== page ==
3 Ways to Get More Eyeballs on Your Content

It’s no secret that informative and useful content can help you in many ways, whether it be with your SEO, building brand awareness, or establishing a stronger social media presence.

But, this only happens if your content is seen. Your need more eyeballs on that great content…

Yes, those are eyeballs, thanks to my talented daughter, Lennah. So, how do you get more of those eyeballs on your great content? First, make sure your content is truly great. This post might help.

Then, engage in a content boost strategy. I’m not just talking about sharing your content once on your Facebook page and calling it a day. That’s like putting a drop of gasoline in your Ferrari, you won’t get far.

There are four things you should consider if you want to expand the reach of your content and get in front of more eyeballs…

  1. Share more strategically on your social media channels
  2. Explore syndication opportunities
  3. Build your email newsletter list

Let’s look a little closer at each one (am I pushing this whole eyeball theme too hard?)…

Strategic Social Media

Social media marketing is a delicate dance. Share too much and people tune you out. Don’t share enough and they think you don’t care. “So, what’s the perfect number of shares, Jon?”

Well, it depends. 🙂

The number isn’t as important as is the quality of what you share and who sees it. I’ve seen company pages that share a ton and people love it. Why? Because what they’re sharing is useful. Their audience wants what they share.

If you’ve read anything I’ve written in the past, then you know that it’s all about the audience. If you don’t know your audience, then how can you expect to share the content they want?

Get in Their Social Media Heads

You can read countless posts on what type of content works best, the most optimal posting times, and which audience is on which channel, and still end up scratching your head. Why? Data isn’t always the answer to your social media problem.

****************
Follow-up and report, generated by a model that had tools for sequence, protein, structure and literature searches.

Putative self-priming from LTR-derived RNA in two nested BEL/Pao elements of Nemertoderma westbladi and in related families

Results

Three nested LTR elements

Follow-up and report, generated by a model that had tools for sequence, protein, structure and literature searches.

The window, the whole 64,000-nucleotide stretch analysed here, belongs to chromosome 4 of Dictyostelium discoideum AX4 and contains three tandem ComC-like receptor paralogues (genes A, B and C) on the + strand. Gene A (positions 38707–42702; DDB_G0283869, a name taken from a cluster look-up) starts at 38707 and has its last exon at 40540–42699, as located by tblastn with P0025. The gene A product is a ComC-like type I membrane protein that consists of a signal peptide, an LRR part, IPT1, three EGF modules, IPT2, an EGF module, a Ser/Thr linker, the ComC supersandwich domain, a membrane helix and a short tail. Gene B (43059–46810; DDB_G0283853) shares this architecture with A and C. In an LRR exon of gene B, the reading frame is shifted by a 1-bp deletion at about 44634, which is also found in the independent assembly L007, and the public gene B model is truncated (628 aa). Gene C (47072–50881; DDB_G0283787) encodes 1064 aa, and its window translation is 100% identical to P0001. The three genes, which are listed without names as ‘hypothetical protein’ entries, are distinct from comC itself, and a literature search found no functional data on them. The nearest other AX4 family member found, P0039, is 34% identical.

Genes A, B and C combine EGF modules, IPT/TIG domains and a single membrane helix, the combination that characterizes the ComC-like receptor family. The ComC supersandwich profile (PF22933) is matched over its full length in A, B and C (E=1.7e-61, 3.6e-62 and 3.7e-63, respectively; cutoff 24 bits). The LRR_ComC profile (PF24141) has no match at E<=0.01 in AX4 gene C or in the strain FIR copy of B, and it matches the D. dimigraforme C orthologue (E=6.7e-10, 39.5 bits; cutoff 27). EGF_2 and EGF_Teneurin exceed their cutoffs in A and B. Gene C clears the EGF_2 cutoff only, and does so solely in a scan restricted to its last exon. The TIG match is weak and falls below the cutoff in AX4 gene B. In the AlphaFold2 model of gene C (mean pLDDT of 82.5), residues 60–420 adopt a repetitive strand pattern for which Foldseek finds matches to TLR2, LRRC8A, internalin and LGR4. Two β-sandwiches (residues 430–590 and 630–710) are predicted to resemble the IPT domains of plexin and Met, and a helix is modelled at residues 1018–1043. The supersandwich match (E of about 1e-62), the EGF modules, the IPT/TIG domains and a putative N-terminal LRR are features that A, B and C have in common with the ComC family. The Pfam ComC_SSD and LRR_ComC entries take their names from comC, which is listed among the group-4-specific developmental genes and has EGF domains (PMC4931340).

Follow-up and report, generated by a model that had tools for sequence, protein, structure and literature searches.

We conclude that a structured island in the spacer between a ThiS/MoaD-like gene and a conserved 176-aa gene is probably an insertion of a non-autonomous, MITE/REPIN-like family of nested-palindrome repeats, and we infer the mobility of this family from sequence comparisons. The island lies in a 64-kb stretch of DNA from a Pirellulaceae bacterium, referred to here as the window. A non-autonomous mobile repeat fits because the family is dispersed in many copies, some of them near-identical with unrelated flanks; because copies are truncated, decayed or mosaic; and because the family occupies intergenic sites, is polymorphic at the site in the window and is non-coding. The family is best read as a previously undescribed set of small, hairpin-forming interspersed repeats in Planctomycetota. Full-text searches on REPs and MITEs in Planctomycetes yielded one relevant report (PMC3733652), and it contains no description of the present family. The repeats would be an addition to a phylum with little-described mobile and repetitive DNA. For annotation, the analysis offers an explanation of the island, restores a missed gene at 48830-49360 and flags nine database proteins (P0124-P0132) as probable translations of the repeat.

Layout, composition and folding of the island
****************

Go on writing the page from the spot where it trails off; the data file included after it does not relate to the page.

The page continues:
You need to understand who you’re talking to, where they are, and what they’re doing. Spend some time on each channel and get a feel for what goes on there.

When we do social media for clients, we don’t just blast out some posts and hope for the best. We look at the industry on a specific channel. We look at trends in the marketplace, and we look at your target audience.

Our goal is to move them to action. You cannot move someone to action with a boring meaningless post, you do it by triggering emotion and tapping into trends that excite them.

There is no such thing as the perfect six-month social media plan. Effective social media marketing is driven by the market and by the actions of your audience. As I said, it’s a delicate dance, but you can still lead.

Agile Social Media Marketing

This heading is silly in a sense because all effective social media marketing is agile. It has to be. This post is about boosting your content so I don’t want to go too far down this agile rabbit hole.

I will say that two things make for effective social media marketing…

  1. A plan that takes into account your business goals, your audience needs, and what will drive them to take action.
  2. The willingness to put everything on pause when the market shifts, or public opinion changes, or we’re in a pandemic, or social upheaval, or murder hornets (where’d they go?)

Social media is not a set it and forget situation. You’ll want to set up an editorial calendar to map out the topics your posts should cover and what channel each post should go to.

Scheduling Posts

This is where some of you will start getting all twitchy. Scheduling your social media posts does not mean you’re cheating or that you are out of touch.

Imagine the alternative. I have a ton of stuff I want to share with our audience. If I posted it all at once, people would go insane. And if I set a reminder for each time I needed to post something, I would go insane.

Scheduling your social media posts using something like Buffer, Hootsuite, or a Marketing Automation platform like HubSpot, Marketo, or SharpSpring is a great way to space out your content and manage which content is shared to which channel.

80/20 Rule – What to Share

I use the 80/20 rule (or some variation) when sharing content on social media channels. 80% of other people’s content, 20% of our content. This does a few things…

  1. It shows us as a trusted and fair resource for useful information in our industry
  2. We don’t come across as self-serving
  3. Our content still shows that we are also a trusted thought-leader in our industry
  4. The other people whose content we’re sharing will like, retweet, and comment on our shares, boosting your rankings and engagement on that channel (make sure to tag them in the post)